Hiding under the veil of religion


Shame! Not the Lord please! You youngsters of these days are not ashamed to hide under the veil of religion and use your choir practising time for episodes that don’t qualify to be close to God’s work,” exclaims Happison’s Uncle, irked that one of his nieces has brought shame to his house.

He is lambasting his son, who we hear was some sort of custodian of the girl each time they go out for choir practices and more religious functions.

“Where were you when your cousin was getting ‘balooned’? I demand an immediate answer! Don’t you know that society and even Church respects me and my wife?” fumes the old man, his face showing all signs of maximum anger blended with tears.


“Father, it is only that girls are difficult to manage…. really, Hlupi did not show any signs of tilting the devil’s way at any point.

“I am even shocked that the very choirmaster that we have always respected is the one behind this pregnancy we are all ashamed of,” says the young man, signs of remorse all over him.

Uncle, baukilano wa sono niwazereza, mukwezgenge baka BP (youths of these days are useless, don’t waste your time getting angry, otherwise you just risk yourself to blood pressure),” Happison bodly tells the Uncle.


The old man stands up and retreats to his bedroom for some time. As he disappears, Happison laughs the loudest.

“You know what, I have always said time and again that the boys and girls of this house are always viewed as saints. I even warned Uncle that the stares that the girls pass on when they are male visitors in this house are not ‘religious’ – I have always suspected something sinister in them, yet Uncle always vows he has ‘saints’ in the house in the name of these youngsters because they are too religious,” says Happison.

But ‘Atsogoleri’ Rob M rebukes him and supports the Uncle’s holding the youngsters to high esteem.

Mtima wa nzako ndi tsidya lina (you cannot know what is on the mind of another person)! The old man here invested love, religious doctrines in these youngsters. He did his obligations and God will reward him, only that the youngsters may be full of pretence….even the Bible has lots of deceitful characters posing as sincere men or women of God; so don’t blame the innocent old man!”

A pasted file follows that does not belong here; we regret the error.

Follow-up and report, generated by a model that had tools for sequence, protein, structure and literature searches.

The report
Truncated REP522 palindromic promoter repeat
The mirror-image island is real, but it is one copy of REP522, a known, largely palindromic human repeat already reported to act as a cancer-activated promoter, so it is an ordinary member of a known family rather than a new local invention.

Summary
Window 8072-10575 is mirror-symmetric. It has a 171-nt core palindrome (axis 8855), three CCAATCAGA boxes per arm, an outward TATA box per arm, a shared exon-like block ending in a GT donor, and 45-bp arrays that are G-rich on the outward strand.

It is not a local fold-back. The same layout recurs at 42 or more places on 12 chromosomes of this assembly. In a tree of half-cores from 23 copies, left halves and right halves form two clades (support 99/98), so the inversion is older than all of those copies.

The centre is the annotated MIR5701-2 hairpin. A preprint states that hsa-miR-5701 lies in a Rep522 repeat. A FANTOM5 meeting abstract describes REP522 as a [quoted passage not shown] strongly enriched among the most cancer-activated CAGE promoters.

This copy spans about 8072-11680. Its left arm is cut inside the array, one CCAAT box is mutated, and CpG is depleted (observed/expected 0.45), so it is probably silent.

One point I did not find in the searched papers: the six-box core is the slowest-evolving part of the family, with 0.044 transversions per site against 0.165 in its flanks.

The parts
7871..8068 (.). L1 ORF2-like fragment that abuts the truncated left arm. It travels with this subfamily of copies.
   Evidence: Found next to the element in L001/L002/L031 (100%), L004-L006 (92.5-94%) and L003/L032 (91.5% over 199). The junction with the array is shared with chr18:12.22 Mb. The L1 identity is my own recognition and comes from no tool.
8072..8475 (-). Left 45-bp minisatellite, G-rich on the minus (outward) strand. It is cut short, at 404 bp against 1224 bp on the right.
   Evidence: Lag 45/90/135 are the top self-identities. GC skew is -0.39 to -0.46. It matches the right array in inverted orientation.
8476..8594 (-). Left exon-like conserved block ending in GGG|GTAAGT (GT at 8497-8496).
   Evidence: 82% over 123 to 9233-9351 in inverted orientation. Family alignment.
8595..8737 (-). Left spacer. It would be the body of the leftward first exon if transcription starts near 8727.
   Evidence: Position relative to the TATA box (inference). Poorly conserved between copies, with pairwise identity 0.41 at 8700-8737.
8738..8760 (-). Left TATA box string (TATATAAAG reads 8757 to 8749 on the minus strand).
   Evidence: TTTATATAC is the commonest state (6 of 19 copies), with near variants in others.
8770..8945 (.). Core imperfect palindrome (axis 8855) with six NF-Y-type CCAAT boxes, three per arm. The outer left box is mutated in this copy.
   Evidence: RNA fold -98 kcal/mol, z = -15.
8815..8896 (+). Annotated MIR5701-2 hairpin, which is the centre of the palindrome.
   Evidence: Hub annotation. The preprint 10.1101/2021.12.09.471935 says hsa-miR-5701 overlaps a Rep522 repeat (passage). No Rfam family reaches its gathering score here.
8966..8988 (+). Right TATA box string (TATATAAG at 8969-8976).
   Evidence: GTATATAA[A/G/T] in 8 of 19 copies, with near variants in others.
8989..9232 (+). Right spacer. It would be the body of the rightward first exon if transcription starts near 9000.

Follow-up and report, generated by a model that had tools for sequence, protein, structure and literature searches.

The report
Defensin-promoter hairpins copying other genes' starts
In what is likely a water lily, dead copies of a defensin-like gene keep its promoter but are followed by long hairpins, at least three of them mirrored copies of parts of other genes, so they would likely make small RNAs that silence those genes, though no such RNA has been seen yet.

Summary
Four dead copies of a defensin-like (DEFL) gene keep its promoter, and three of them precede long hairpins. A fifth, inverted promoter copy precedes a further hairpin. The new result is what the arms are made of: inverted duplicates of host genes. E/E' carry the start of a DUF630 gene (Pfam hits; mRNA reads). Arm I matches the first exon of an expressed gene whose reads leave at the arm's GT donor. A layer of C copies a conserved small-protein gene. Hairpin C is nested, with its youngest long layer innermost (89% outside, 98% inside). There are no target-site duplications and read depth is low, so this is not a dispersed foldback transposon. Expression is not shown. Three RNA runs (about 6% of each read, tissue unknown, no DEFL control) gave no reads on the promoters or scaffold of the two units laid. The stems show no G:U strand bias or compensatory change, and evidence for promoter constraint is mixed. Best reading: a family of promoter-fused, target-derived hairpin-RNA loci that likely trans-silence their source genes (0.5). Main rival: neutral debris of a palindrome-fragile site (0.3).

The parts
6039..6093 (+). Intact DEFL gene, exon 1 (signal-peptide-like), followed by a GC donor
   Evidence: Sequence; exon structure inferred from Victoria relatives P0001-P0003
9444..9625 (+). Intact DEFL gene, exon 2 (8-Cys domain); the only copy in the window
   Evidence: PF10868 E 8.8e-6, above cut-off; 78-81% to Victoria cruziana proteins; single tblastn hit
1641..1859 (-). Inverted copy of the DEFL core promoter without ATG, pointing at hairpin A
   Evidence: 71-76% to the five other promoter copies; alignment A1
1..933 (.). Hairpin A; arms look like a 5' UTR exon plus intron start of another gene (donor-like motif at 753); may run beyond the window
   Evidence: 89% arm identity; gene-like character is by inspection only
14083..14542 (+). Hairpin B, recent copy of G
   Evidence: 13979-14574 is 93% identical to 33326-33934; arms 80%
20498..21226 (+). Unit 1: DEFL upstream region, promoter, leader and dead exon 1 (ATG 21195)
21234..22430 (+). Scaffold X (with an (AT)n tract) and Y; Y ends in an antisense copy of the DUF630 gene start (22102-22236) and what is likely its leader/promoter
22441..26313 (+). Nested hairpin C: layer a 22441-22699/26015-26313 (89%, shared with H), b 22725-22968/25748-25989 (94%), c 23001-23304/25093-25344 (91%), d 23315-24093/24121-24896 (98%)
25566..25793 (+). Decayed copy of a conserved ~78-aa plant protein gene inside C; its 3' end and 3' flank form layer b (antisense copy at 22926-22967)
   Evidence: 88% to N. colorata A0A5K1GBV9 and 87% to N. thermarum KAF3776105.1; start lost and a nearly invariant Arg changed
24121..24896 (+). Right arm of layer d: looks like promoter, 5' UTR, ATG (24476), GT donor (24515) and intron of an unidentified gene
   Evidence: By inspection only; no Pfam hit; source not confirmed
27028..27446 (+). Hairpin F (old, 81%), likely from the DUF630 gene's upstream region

As we are busy talking, the old man comes out of the bedroom, carrying a plastic bag. “Hlupe, uli nkhu? Zakuno lubiro (Hlupe, where are you, come here fast)! Face down, the girl comes to where we, are seated. Before she sits down the old man grabs her and gets a syamboko from the plastic bag and starts whipping the girl. “Mundikomenge badada, mundikomenge (you will kill me father, please you will kill me)!”

More anger appears to be mounting up in the Uncle, he whips harder: “Chindere, chindere chakufikapo…ntchebe, chipiliri, tungwa (stupid girl, real stupid, dog, and scoundrel)!”

As some of us were too afraid to intervene in the disciplining process, ‘Atsogoleri’ Rob M fails to resist his peacemaking spirit.

He rushes to stand between the old man and the girl, holding the hand that is carrying the syamboko.

“Uncle, there are better ways of disciplining these youngsters, just accept it has happened and as a God-fearing person, take the matter up with your pastor. I am saying so because it is involving a ChoirMaster,” he says.

But the Uncle feels defeated; he reveals that the church leadership is shielding the ChoirMaster.

“Why, why, hide under the veil of faith and religion when people shield wrongdoers?” exclaims the old man as he retires to his bedroom again.

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